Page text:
Carnegie Mellon's Miller Gallery Presents Exhibition
About the Reuse of Abandoned Retail Stores, Aug. 29–Nov. 3
PITTSBURGH—The Miller Gallery at Carnegie Mellon University presents "Your Town, Inc.," an exhibition with photographs and installations by Julia Christensen, Aug. 29 through Nov. 23. The gallery will host a hometown barbeque reception from 6 to 8 p.m., Friday, Sept. 19. Christensen will also discuss her exhibition and her new book, "Big Box Reuse," from 4:30 to 6 p.m., Thursday, Nov. 13 as part of the Carnegie Mellon Lecture Series. Her talk will coincide with the November release of her book, published by MIT Press.
"What happens when Wal-Mart moves out, leaving behind massive and drearily generic buildings amidst acres of paved land? Rather than focusing on multinational retailers for their relentless, smothering expansion, the critical and inquisitive Julia Christensen chooses to focus on community and is optimistic about our ability to move on," said Astria Suparak, director of the Miller Gallery.
The exhibition will feature 78 photographs from her forthcoming book, which examines how communities are changing in the shadow of corporate real estate. Christensen, an author, artist and researcher, has spent the past six years studying the "big box" mega-stores constructed by transnational corporations, such as Wal-Mart and Kmart. Her exhibition explores how communities make use of the "big box" structures after the companies that built them abandon them.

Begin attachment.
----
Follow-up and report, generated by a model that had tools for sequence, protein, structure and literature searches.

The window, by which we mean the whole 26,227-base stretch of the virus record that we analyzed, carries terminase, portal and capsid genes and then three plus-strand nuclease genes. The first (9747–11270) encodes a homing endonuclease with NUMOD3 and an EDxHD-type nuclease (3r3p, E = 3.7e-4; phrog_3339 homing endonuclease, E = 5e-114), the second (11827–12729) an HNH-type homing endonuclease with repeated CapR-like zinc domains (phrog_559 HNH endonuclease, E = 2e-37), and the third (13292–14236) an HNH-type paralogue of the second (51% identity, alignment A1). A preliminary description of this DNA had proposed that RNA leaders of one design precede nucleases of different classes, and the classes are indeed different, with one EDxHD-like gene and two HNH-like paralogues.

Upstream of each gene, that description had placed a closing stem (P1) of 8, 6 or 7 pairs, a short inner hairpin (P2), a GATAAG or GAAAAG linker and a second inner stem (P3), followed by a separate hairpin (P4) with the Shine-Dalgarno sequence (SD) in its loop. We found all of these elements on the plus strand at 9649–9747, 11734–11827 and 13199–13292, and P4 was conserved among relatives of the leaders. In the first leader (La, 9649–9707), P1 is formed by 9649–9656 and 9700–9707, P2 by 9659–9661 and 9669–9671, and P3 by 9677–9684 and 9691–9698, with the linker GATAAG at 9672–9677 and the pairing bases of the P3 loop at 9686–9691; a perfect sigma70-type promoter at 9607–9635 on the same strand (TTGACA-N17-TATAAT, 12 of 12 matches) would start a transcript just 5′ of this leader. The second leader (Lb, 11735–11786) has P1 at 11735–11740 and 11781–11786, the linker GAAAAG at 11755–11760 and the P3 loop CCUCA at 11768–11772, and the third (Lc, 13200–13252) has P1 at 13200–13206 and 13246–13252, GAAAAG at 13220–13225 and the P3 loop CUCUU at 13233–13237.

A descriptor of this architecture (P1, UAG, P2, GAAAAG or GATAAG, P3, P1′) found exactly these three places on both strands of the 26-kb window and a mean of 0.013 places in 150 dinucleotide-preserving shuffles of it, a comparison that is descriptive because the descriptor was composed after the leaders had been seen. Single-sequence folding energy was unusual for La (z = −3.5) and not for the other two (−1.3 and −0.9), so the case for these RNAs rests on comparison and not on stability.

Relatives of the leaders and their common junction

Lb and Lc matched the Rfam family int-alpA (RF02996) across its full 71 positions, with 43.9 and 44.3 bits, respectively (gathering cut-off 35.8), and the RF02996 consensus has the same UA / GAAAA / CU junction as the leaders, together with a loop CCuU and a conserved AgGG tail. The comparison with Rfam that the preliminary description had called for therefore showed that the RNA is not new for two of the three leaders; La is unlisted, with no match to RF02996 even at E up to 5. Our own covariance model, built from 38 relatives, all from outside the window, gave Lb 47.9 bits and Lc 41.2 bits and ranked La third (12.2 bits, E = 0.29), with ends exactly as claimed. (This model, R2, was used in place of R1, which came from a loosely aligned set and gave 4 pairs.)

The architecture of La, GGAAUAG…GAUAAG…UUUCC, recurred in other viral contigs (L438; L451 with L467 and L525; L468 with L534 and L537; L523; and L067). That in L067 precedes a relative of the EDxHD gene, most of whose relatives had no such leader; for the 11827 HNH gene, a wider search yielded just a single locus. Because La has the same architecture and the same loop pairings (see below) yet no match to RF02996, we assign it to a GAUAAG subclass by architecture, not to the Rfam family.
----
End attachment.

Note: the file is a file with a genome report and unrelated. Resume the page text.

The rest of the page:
As part of "Your Town, Inc.," Christensen collaborated with students at Oberlin College to create an "UnBox," a new sculptural installation in reaction and response to the "big box" concept. She worked with only regional materials, local people and businesses. The "UnBox" will be activated for creative and social uses, challenging the values and conventions of corporate retail.
"She has researched ways that American communities have creatively adapted and transformed these mega stores into more constructive uses, while asking her audience to think critically about what a landscape of reused big boxes actually means for our future," Suparak said. "And she offers a response to the big box concept by creating an architectural installation for this exhibition, providing us with a starting point and a location to discuss urgent issues, such as sustainability and human-centered design."
Christensen's work has been featured in The New York Times, the Globe and Mail, Preservation Magazine for the National Trust and other publications. Her new media, video and installation work was shown recently at the Lincoln Center, the DUMBO Arts Center and the Walker Art Center.
Christensen is the Henry R. Luce Professor of the Emerging Arts at Oberlin College and Conservatory in Ohio, where she teaches in the Studio Arts and TIMARA (Technology in Music and Related Arts) departments. She has also taught at Stanford University and California College of the Arts, among other universities.
The Miller Gallery is located in the Purnell Center for the Arts on Carnegie Mellon's campus. The gallery is free and open to the public from 12 to 6 p.m., Tuesday through Sunday. Visit www.cmu.edu/millergallery for more information.
Pictured above is the Spam Museum entrance in the reused K-Mart building in Austin, Minn. Photo by Julia Christensen.